However, Piłsudski believed that as head of state, he must be above partisan politics. The day after his arrival in Warsaw, he met with old colleagues from underground days, who addressed him socialist-style as "Comrade" ("Towarzysz") and asked for his support for their revolutionary policies; he refused it and answered: "Comrades, I took the red tram of socialism to the stop called Independence, and that's where I got off. You may keep on to the final stop if you wish, but from now on let's address each other as 'Mister' [rather than continue using the socialist term of address, 'Comrade']!" He declined to support any party and did not form any political organization of his own; instead, he advocated creating a coalition government. He also set about organizing a Polish army out of Polish veterans of the German, Russian and Austrian armies.
In the days immediately after the war, Piłsudski attempted to build a government in a shattered country. Much of former Russian Poland had been destroyed in the war, and systematic looting by the Germans had reduced the region's wealth by at least 10%. A British diplomat who visited Warsaw in January 1919 reported: "I have nowhere seen anything like the evidences of extreme poverty and wretchedness that meet one's eye at almost every turn."
In addition, the country had to unify the disparate systems of law, economics, and administration in the former German, Austrian, and Russian sectors of Poland. There were nine legal systems, five currencies, and 66 types of rail systems (with 165 models of locomotives), each needing to be consolidated.
Wacław Jędrzejewicz, in Piłsudski: A Life for Poland, described Piłsudski as very deliberate in his decision-making: Piłsudski collected all available pertinent information, then took his time weighing it before arriving at a final decision. He drove himself hard, working all day and all night. He maintained a simple lifestyle, eating plain meals alone at an inexpensive restaurant. Though he was popular with much of the Polish public, his reputation as a loner (the result of many years' underground work) and as a man who distrusted almost everyone led to strained relations with other Polish politicians.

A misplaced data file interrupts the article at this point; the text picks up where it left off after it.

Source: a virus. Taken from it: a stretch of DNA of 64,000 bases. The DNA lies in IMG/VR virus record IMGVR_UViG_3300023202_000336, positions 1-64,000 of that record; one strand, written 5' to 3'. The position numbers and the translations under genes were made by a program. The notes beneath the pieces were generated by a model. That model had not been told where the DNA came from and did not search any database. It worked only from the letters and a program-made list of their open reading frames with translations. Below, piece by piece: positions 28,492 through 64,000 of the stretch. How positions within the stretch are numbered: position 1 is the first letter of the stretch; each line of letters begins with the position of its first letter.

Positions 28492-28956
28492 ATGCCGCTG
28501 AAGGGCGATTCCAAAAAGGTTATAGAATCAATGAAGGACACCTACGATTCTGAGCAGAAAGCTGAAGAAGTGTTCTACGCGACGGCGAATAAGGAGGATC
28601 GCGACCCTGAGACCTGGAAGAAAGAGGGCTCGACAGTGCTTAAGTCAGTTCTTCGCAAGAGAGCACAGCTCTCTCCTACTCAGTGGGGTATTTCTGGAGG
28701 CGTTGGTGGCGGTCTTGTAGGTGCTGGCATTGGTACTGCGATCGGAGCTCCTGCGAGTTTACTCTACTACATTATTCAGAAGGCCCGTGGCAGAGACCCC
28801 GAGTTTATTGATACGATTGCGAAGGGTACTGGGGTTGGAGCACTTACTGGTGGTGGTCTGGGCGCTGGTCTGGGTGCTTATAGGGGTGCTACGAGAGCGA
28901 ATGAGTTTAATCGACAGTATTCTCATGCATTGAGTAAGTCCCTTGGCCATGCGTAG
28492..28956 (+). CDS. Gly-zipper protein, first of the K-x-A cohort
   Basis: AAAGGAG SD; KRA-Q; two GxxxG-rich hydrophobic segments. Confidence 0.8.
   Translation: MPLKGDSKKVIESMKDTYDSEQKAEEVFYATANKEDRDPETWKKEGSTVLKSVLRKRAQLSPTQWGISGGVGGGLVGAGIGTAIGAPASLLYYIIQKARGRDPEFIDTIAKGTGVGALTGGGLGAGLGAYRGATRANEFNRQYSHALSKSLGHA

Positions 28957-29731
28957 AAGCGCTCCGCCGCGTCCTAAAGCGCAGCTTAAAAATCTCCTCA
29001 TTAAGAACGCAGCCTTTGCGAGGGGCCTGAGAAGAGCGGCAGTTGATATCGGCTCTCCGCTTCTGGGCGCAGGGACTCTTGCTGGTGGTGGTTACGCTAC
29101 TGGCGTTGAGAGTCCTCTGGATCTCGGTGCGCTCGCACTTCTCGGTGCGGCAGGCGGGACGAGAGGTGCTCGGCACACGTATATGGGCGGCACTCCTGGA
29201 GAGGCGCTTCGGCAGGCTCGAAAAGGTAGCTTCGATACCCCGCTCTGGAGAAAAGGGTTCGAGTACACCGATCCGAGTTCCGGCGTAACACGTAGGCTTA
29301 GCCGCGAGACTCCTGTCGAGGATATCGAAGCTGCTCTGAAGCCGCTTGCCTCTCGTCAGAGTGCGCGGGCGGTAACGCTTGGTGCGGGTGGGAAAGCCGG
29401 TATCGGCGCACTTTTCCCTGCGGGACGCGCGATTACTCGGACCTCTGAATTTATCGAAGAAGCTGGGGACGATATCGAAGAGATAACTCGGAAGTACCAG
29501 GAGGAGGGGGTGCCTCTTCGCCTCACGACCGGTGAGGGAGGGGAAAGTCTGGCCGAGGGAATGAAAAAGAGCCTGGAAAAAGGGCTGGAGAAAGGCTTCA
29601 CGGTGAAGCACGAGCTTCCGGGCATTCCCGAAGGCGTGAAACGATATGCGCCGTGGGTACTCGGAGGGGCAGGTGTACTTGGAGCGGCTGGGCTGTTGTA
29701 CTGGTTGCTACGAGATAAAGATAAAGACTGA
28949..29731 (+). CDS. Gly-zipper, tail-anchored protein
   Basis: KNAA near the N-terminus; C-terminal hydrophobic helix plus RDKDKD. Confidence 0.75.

Piłsudski and the first Polish government were distrusted in the West because he had co-operated with the Central Powers from 1914 to 1917 and because the governments of Daszyński and Jędrzej Moraczewski were primarily socialist. It was not until January 1919, when the world-famous pianist and composer Ignacy Jan Paderewski became Prime Minister of Poland and foreign minister of a new government, that it was recognized in the West.
That still left two separate governments claiming to be Poland's legitimate government: Piłsudski's in Warsaw and Dmowski's in Paris. To ensure that Poland had a single government and to avert civil war, Paderewski met with Dmowski and Piłsudski and persuaded them to join forces, with Piłsudski acting as Provisional Chief of State and Commander-in-Chief while Dmowski and Paderewski represented Poland at the Paris Peace Conference. Articles 87–93 of the Treaty of Versailles and the Little Treaty of Versailles, signed on 28 June 1919, formally established Poland as an independent and sovereign state in the international arena.
Piłsudski often clashed with Dmowski for viewing the Poles as the dominant nationality in renascent Poland, and attempting to send the Blue Army to Poland through Danzig, Germany (now Gdańsk, Poland). On 5 January 1919, some of Dmowski's supporters (Marian Januszajtis-Żegota and Eustachy Sapieha) attempted a coup against Piłsudski and Prime Minister Moraczewski, but they failed.
On 20 February 1919, Piłsudski proclaimed he would relinquish his powers to the new Polish parliament (Sejm). However, the Sejm re-instated his office in the Little Constitution of 1919. The word "Provisional" was struck from his title, and Piłsudski held the office until 9 December 1922, after Gabriel Narutowicz was elected as the first president of Poland.